Feds offer $2 million to limit phosphorus runoffWritten by Erik Gable | | firstname.lastname@example.org
DUNDEE, Mich. — The federal government will provide $2 million in grants to Michigan, Ohio and Indiana farmers to limit phosphorus runoff in the hopes of reducing algae blooms in Lake Erie, U.S. Agriculture Secretary Tom Vilsack said Friday in a visit to Dundee.
Vilsack spoke at the Cabela’s store in Dundee, joined by several lawmakers, including Sen. Sherrod Brown, D-Ohio, and Rep. Marcy Kaptur, D-Toledo.
“Our beautiful natural resources are critical to our economy, to our jobs,” said Sen. Debbie Stabenow, D-Mich. She said Michigan has more than 1 million hunters and anglers supporting more than 46,000 jobs.
Kaptur talked about Lake Erie’s role in the tourism industry.
“Lake Erie tourism, right now, is an $11 billion business, employing more than $119,000 people, and that’s really an underestimate,” Kaptur said.
She said Kalahari Resorts in Sandusky is “the largest employer now in the center part of Lake Erie on the Ohio side.”
Phosphorus overload from farm runoff is believed to be a key cause of algae growth in western Lake Erie that has reduced oxygen levels, led to foul-smelling mats of rotting algae washing ashore, and made the water appear so green that it’s been described as looking like pea soup.
“We’re all very concerned about what’s happened to the western Lake Erie basin in terms of algal blooms,” Brown said.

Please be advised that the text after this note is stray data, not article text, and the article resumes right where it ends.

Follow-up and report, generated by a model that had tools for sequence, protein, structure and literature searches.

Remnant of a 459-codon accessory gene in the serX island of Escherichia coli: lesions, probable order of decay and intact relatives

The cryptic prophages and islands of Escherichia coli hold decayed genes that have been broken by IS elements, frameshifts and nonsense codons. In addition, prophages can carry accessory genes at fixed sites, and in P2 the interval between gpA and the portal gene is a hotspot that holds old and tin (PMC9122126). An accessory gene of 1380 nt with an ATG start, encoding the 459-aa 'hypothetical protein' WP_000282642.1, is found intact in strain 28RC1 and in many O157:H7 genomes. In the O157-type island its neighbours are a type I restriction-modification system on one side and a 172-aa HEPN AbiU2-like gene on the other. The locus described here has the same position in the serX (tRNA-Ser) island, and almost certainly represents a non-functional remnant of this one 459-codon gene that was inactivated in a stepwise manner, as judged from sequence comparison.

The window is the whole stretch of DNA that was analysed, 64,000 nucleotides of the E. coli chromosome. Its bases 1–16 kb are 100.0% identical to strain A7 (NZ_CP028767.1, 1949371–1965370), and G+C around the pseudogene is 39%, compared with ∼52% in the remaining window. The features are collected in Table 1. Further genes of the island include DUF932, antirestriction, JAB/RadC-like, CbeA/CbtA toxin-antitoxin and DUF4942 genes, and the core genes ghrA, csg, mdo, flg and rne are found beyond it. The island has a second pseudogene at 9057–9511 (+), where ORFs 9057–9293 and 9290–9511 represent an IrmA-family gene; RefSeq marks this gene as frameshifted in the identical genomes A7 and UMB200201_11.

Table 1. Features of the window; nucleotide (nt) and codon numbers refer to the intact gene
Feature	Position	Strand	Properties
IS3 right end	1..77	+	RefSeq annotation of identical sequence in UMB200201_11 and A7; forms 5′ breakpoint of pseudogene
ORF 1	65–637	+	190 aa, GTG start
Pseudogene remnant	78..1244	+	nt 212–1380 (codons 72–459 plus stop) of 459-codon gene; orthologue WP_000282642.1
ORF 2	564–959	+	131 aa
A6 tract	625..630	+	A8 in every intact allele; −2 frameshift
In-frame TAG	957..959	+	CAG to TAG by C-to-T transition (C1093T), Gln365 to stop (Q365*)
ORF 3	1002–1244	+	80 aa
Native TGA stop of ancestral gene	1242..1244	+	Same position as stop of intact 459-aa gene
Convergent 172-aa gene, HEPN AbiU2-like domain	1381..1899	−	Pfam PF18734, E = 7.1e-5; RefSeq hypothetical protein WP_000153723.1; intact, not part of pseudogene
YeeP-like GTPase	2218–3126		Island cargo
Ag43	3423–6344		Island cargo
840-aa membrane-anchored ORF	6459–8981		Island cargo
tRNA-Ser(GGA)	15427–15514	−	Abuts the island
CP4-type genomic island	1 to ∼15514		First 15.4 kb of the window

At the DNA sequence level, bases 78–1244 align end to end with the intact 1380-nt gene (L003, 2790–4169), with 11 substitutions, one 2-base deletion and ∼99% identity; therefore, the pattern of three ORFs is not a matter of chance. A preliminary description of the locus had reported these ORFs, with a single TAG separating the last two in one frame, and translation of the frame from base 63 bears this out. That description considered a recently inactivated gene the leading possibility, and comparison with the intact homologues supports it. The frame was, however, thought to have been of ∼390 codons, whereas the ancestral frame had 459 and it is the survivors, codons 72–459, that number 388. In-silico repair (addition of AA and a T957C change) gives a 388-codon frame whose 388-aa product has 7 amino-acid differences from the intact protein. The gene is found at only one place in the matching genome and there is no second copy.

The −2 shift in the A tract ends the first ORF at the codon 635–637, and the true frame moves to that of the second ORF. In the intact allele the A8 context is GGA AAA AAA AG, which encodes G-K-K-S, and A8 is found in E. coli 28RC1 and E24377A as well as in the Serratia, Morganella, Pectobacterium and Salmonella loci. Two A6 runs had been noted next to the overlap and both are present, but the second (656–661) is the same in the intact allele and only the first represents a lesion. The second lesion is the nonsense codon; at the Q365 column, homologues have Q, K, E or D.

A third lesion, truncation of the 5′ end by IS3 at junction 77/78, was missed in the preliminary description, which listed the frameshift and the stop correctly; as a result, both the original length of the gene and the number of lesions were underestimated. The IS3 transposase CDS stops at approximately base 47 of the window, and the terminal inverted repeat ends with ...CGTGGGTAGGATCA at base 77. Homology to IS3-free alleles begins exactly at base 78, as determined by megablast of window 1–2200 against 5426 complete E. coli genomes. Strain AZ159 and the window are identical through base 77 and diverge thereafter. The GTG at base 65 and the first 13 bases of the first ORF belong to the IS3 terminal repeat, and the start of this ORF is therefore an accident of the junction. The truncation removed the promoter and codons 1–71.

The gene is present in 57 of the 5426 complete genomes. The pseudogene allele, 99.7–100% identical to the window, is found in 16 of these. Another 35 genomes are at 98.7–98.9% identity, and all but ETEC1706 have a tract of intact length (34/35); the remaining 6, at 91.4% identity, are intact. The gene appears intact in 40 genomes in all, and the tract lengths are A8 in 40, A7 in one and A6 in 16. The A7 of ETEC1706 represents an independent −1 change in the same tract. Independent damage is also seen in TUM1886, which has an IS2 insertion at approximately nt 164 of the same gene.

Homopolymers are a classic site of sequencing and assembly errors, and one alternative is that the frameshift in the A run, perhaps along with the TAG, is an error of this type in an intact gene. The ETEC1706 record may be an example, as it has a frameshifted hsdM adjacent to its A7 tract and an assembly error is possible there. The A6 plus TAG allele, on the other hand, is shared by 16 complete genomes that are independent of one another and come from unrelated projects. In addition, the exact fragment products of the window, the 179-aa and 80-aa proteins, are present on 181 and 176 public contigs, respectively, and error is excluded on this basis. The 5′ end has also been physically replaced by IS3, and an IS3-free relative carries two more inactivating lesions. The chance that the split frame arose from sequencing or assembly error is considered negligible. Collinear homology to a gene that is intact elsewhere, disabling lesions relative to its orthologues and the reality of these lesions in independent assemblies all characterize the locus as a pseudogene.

Vilsack acknowledged the country’s fiscal problems but argued the U.S. should be careful about cutting funds for conservation.
“Conservation is one area where we have to be very careful that we don’t reduce funding to the point that we’re not as effective as we could be,” Vilsack said.
“Remember, a $730 billion industry is helped and assisted by conservation,” he said, referring to outdoor recreation.
Rep. John Dingell, D-Mich., said that “we have great, thoughtful, careful and decent farmers who want to do right” and that the planned federal grants for phosphorus reduction “will make their efforts to preserve and protect their share of our future into a valuable reality.”
Vilsack said applications for funding will be due by April 27.
According to the Natural Resources Conservation Service, measures that can reduce phosphorus runoff include:
- Placing fertilizer and manure below the soil surface.
- Not applying phosphorus when levels in the soil are already high.
- Planting buffers and filter strips along ditches and streams.
- Planting diverse varieties of cover crops.
NRCS information can be found online at www.nrcs.usda.gov.